Senator David Shafer (R-Duluth), author of Zero Based Budgeting, has a new bill out that targets Georgia’s water problems. It seeks to fund repairs of leaky water infrastructure.
“Millions of gallons of water are lost each day to aging or inadequately maintained infrastructure — as much 18% of the surface water withdrawn for public use,” Shafer said. “Senate Bill 311, the Water Conservation and Savings Act, provides a way to pay for repairs without resorting to forced tax increases or unfunded mandates.”
“Unfortunately, because many local governments hold water withdrawal permits for more water than their citizens need, there is a little incentive for them to make repairs,” Shafer said. “At the same time, many growing counties are waiting years to obtain withdrawal permits of their own”
Shafer’s legislation creates a new funding mechanism for repairing water infrastructure. It would allow a local government seeking a water withdrawal permit to help pay the costs of repairing the infrastructure of another local government within the same river basin, provided that the amount of water saved from the repairs is reallocated from the permit, as well as the government receiving the repairs to the permit of the government paying for the repairs.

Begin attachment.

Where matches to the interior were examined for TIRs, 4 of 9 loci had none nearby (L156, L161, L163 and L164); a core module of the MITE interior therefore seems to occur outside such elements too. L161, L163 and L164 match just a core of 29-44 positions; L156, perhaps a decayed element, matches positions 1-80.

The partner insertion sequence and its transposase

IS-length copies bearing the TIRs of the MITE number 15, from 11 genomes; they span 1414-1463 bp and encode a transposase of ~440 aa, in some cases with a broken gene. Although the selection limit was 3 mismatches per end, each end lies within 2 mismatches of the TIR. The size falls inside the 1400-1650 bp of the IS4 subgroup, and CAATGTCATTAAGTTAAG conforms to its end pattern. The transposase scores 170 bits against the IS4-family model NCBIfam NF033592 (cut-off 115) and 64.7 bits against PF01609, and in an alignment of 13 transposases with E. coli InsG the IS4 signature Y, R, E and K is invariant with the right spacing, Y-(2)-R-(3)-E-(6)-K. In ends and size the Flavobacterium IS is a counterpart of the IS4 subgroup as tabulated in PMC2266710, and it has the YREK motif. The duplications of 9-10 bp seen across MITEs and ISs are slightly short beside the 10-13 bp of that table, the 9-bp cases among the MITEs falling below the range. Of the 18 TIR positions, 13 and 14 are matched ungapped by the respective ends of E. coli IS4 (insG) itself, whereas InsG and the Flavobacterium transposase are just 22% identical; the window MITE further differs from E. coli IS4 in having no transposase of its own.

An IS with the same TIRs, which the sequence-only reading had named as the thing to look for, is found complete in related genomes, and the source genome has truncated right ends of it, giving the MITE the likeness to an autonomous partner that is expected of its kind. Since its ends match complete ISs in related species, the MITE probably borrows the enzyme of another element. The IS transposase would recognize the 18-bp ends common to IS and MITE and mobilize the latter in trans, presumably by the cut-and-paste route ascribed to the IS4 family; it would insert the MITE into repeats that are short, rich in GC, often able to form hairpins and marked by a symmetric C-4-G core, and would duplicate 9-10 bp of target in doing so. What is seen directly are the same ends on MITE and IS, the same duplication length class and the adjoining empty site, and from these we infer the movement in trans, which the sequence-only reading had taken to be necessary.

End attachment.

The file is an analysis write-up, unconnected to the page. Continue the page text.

“The system would be voluntary,” Shafer said. “No local government willing to repair its own infrastructure would be required to accept help from another local government.”
Shafer said the bill creates an option for funding repairs that does not involve forced taxes, unfunded mandates or even an increase in the amount of water permitted to be withdrawn.
Shafer’s bill has been endorsed by the Georgia Conservancy and Georgia Conservation Voters.
Georgia’s water problem does not need to be forgotten. Finding workable solutions without levying taxes will be a challenge for Georgia’s Legislature during these economic times which already require budget cuts. Shafer’s bill appears to improve the use of water resources without the requirement of additional revenue sources. That should give it a good chance of passing when so few other bills can address a real problem without real money, too.